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When Apple released its mobile wallet two years ago, something odd happened: Virtually all of the nation's biggest banks got on board, including Bank of America and Wells Fargo . I say it's odd because Apple Pay inserts itself between a bank and its customers, thereby usurping at least some control over the relationship.
Why would Bank of America and Wells Fargo go along with this? As an initial matter, it seems safe to say that they were hedging their bets. If Apple Pay took off as a popular payment platform, major banks couldn't miss the boat.
Additionally, because the banks are presumably prohibited from working together to develop their own payment platform due to antitrust laws, they might as well get behind Apple's efforts to do so. At the very least, banks could rest easy knowing that the Cupertino, California-based company would make the payment process as seamless and secure as possible.
But there's a third reason, which executives of Bank of America and Wells Fargo addressed at a recent industry conference that's just as important as these. Namely, banks make money from so-called interchange fees when people use the credit cards that they issue. The cost of not participating in Apple Pay would thus have been to cede any interchange income that would have come from people using their credit cards, albeit by way of a third-party iPhone app, to a competitor.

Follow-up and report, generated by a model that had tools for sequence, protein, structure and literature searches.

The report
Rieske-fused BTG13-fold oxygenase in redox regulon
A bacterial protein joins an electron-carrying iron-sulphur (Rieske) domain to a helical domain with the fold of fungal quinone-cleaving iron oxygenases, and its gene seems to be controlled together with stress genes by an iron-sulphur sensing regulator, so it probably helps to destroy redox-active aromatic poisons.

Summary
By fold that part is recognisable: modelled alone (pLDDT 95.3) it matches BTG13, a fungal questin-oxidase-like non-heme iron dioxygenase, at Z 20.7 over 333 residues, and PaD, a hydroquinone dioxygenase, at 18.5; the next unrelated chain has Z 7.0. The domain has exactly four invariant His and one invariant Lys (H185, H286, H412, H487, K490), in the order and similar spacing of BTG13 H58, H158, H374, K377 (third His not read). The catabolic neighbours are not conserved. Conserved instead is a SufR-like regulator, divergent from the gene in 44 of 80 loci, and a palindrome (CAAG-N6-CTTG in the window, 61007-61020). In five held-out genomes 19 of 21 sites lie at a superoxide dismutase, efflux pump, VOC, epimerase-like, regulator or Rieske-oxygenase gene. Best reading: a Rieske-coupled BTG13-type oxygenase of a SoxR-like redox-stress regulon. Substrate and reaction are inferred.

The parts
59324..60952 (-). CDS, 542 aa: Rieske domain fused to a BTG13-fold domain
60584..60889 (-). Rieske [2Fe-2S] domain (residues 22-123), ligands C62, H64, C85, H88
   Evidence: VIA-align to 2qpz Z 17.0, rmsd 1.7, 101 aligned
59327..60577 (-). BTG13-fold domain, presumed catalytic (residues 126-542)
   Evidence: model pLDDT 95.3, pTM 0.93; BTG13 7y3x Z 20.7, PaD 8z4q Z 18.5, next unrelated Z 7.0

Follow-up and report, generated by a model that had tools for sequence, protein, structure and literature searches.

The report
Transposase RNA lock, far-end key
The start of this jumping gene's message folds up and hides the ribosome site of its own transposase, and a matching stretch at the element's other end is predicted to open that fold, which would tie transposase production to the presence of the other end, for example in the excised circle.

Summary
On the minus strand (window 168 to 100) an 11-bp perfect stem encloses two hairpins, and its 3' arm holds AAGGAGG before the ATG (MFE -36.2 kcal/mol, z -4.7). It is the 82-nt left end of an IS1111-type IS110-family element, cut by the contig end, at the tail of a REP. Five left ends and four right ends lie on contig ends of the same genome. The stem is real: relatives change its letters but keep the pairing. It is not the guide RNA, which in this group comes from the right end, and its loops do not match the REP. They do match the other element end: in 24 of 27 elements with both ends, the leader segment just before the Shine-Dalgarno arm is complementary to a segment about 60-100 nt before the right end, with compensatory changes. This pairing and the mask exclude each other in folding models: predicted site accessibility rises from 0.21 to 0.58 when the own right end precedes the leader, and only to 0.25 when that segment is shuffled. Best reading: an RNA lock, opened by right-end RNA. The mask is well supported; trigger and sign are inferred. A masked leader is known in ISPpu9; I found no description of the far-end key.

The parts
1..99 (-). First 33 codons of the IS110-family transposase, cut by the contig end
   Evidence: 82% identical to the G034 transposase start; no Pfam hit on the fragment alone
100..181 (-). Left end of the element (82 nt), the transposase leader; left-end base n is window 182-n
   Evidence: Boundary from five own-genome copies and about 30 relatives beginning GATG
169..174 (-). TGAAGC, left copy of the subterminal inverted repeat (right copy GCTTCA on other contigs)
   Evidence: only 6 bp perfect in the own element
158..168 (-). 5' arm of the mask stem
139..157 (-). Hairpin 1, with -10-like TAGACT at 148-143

Wells Fargo's president and chief operating officer, Tim Sloan, touched on this at this year's Bernstein strategic decisions conference. His remarks came in the course of explaining how the bank plans to grow its credit card business:
Bank of America's chairman and CEO Brian Moynihan also addressed this point at the Bernstein conference -- albeit less directly. Instead of referencing Apple Pay, Moynihan emphasized the importance of rewards in enticing customers to use its cards as opposed to cards issued by the bank's competitors:
From the perspective of Bank of America and Wells Fargo, then, while they would prefer that customers only use the banks' proprietary products for payment purposes, they'll settle for second best if that insulates them against a loss of interchange income. This creates a lucrative opportunity for Apple so long as it's able to capitalize on it.
The article Apple Pay: Why Wells Fargo and Bank of America Jumped on the Bandwagon originally appeared on Fool.com.
John Maxfield owns shares of Bank of America and Wells Fargo. The Motley Fool owns shares of and recommends Apple and Wells Fargo. The Motley Fool has the following options: long January 2018 $90 calls on Apple and short January 2018 $95 calls on Apple. The Motley Fool recommends Bank of America. Try any of our Foolish newsletter services free for 30 days. We Fools may not all hold the same opinions, but we all believe that considering a diverse range of insights makes us better investors. The Motley Fool has a disclosure policy.
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